The end result, according to McCurry, is that the employer will consistently pay 25 to 30 percent less than a fully insured rate.

Sound too good to be true? McCurry goes on to explain how self-insured benefits plans work well for some of his larger clients who operate globally with thousands of employees as well as smaller local companies with as few as 30.


What’s in it for Me?

Self-insured benefit plans boast many advantages for employers, including better customer service.

McCurry says that on average, self-insured benefits packages provide better customer service than fully insured carriers because the client deals with far fewer people, and deals with the third party administrators of their choosing.

Another boon to self-insured clients is the symbiotic combination of customization and control over the components as well as the “whole look” of their benefits plans in order to satisfy both employer and employee.

“In the self-funded world,” you can pick your partners,” McCurry says. “We get to pick first in class management and utilization review companies. We can choose our own prescription benefit manager. We can pick our own stop loss carriers. We can pick our own administrators. So you can go out and build your team that’s going to successfully and soundly operate your plan.”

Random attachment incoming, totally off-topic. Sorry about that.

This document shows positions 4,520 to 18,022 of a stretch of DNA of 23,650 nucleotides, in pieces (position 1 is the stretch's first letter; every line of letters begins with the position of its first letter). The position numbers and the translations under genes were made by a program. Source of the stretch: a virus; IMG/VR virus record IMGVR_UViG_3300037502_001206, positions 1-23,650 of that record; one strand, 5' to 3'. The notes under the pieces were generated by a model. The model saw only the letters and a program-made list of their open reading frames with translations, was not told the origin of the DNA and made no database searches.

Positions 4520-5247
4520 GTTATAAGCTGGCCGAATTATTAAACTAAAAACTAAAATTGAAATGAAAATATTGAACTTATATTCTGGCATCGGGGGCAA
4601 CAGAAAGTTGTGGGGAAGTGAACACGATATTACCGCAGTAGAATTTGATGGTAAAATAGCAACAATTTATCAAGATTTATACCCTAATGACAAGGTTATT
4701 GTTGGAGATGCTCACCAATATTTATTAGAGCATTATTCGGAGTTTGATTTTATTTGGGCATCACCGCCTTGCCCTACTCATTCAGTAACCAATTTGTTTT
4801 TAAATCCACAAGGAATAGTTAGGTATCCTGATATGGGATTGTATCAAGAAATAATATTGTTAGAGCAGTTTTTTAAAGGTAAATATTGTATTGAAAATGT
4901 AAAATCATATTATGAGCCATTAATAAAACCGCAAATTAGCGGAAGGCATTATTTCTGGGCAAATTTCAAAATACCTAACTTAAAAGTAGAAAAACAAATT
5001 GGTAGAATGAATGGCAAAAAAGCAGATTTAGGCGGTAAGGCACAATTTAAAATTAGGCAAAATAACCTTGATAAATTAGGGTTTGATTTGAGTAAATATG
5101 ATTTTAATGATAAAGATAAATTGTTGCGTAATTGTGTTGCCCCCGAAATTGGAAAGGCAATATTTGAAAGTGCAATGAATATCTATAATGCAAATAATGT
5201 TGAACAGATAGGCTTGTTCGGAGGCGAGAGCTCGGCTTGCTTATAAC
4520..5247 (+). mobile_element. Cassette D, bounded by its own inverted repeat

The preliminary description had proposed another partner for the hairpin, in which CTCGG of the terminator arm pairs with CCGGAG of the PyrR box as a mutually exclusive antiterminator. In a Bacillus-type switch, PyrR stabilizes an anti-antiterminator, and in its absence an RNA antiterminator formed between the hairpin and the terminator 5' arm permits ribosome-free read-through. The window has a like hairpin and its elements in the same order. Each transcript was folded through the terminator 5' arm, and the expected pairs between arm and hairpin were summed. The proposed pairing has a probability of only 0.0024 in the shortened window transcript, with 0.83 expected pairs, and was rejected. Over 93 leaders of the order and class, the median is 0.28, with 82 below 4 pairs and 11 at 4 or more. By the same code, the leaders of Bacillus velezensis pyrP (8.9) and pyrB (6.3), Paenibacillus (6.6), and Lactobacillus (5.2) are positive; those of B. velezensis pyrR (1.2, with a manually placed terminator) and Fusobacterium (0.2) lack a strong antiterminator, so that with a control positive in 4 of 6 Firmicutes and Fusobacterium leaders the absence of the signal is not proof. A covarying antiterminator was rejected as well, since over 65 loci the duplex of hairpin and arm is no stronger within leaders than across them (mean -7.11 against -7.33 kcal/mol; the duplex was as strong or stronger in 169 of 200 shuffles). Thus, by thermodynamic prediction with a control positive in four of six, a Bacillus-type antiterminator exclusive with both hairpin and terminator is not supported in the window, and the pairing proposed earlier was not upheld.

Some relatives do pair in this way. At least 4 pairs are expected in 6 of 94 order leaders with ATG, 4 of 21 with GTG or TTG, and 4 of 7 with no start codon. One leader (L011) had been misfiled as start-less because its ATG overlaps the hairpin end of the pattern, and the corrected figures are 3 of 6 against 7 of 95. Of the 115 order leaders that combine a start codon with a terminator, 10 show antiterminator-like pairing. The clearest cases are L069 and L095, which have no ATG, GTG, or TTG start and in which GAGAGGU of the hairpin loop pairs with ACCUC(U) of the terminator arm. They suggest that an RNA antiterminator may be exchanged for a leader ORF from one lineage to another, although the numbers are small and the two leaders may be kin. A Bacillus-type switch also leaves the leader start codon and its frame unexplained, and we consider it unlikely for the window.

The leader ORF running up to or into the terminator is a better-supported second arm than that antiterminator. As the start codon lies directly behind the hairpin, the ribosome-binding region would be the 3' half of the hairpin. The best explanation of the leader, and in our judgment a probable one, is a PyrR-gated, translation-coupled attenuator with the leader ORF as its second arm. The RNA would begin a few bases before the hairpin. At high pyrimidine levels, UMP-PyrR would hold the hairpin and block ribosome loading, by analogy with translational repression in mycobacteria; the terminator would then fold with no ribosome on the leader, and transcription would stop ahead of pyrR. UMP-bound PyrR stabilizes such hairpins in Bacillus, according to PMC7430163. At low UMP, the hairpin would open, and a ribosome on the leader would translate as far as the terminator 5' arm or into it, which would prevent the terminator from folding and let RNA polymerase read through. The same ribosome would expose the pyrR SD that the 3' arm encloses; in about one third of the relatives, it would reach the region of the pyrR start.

Furthermore, in a self-insured plan, the employer gets the data—and according to McCurry, data is power.

“You can analyze what’s going on inside your own plan, and you can dissect that from any given direction and say what is working, what’s not working. Unless you have a couple hundred employees, on most fully insured plans you will never get that kind of data. They just will not disclose it,” McCurry says.